Lopresti used 1/8th, bang in the middle of this range.
I prefer to shoot these photos with front curtain flash synch, so that the flash goes at the start of the exposure. This ensures that the main subject is frozen exactly where I intend it to be in the composition.
The trick is to then pan ahead of the subject in the direction it is facing, so that any subject blur goes backwards.
Smooth panning is important, but the technique is reasonably forgiving, when the exposure is reasonably short and controllable and because the burst of flash will keep the subject sharp.
It usually takes a few adjustments to get things right, so in a situation such as Lopresti’s with a shy subject, I would get things dialled in away from the seahorse and then move in to produce the shot.

RATHER LIKE RIDING A BIKE, the first time you try shooting with a snoot the whole idea seems ludicrously impossible.
But the good news is that it becomes a lot easier with a bit of practice, and once you have the knack snoots are pretty user-friendly. The challenge is twofold: getting the spotlight on the subject and the subject in focus.
My favourite type is the optical snoot, which has a lens inside to concentrate and focus the light into a beam.
The best known is Retra’s LSD, which stands for Light Shaping Device and is what Lopresti used here. These are valuable because they produce a much more powerful spotlight, and the long tube makes them easier to aim.
You can also shine the strobe’s focus light through the same optics as a guide for aiming.
The easiest way to aim a snoot is from directly above the port, so that we only have to worry about moving it in one direction, forwards and backwards.
I always start snoot dives by looking for a boring stone about the same size as my intended subjects, to set up my lighting. I switch over to manual focus, frame up the stone and focus on it. I won’t plan to refocus during the dive unless I absolutely have to.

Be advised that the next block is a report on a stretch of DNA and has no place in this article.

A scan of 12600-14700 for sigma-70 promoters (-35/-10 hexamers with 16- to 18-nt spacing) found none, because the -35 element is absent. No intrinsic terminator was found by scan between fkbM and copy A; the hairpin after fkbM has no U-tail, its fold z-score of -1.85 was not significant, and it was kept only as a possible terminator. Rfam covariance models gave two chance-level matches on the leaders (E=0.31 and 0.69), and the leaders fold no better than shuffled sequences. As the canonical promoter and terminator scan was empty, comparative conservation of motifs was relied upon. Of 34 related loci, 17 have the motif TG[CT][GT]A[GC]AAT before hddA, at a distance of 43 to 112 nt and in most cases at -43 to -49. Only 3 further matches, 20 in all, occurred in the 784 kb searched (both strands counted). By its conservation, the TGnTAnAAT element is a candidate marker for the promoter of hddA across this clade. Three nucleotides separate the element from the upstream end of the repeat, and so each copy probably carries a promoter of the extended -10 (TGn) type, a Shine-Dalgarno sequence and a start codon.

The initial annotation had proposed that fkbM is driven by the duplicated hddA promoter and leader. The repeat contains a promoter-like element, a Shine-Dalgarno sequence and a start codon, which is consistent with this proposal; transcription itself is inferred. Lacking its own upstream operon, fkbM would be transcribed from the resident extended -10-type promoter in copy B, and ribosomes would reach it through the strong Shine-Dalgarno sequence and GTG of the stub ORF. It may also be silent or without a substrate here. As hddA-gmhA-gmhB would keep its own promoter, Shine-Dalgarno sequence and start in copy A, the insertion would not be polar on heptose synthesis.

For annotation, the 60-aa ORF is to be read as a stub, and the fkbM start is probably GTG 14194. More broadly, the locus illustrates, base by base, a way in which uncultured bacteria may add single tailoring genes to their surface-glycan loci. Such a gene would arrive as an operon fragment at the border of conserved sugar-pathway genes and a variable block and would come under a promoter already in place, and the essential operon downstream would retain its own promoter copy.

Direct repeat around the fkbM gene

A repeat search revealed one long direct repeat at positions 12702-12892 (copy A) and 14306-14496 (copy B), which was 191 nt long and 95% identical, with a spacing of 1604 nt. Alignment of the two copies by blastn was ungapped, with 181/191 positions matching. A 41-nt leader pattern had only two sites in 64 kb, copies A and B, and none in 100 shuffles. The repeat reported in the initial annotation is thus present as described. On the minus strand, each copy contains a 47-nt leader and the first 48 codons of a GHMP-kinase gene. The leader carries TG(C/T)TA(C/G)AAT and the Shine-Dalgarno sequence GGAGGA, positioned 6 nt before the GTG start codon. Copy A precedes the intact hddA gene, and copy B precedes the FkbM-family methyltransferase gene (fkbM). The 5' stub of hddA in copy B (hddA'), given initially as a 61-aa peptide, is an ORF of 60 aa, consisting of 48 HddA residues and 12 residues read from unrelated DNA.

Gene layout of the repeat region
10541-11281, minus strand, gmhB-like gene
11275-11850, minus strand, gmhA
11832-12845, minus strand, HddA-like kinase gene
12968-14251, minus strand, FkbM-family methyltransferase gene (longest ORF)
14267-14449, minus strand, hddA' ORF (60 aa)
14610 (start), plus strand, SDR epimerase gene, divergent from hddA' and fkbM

Now I will aim the strobe so that the light comes down, lighting the stone but not the seabed behind.
Once I have this set up, I will tighten my strobe-arm clamps and the system is locked and loaded. I now know that anything in focus will be in the spotlight.
To win, Lopresti combined these two creative techniques with a compelling subject and a strong graphic composition, both in terms of colours and textures. That’s as close to a formula for success as I have.
I am excited thinking about the ideas that photographers will come up with over the next 12 months.

Creating blur requires a long exposure. However, we still want a correct exposure. So we have to close our aperture and/or lower our ISO to compensate for the lengthened exposure. This is why it is easier to achieve long exposures in darker conditions.

Smooth panning takes a few attempts, so practise on non-moving subjects before taking on more flighty species.
It is particularly valuable in macro photography for transforming an unattractive seabed into a pleasing blur.

Practice also makes perfect with snoots. It is much easier to practise on common slow-moving subjects, until you are more used to the technique.
Use stiff strobe-arms, not bendy Loc-line-style arms, which will keep moving forcing you to re-aim the strobe.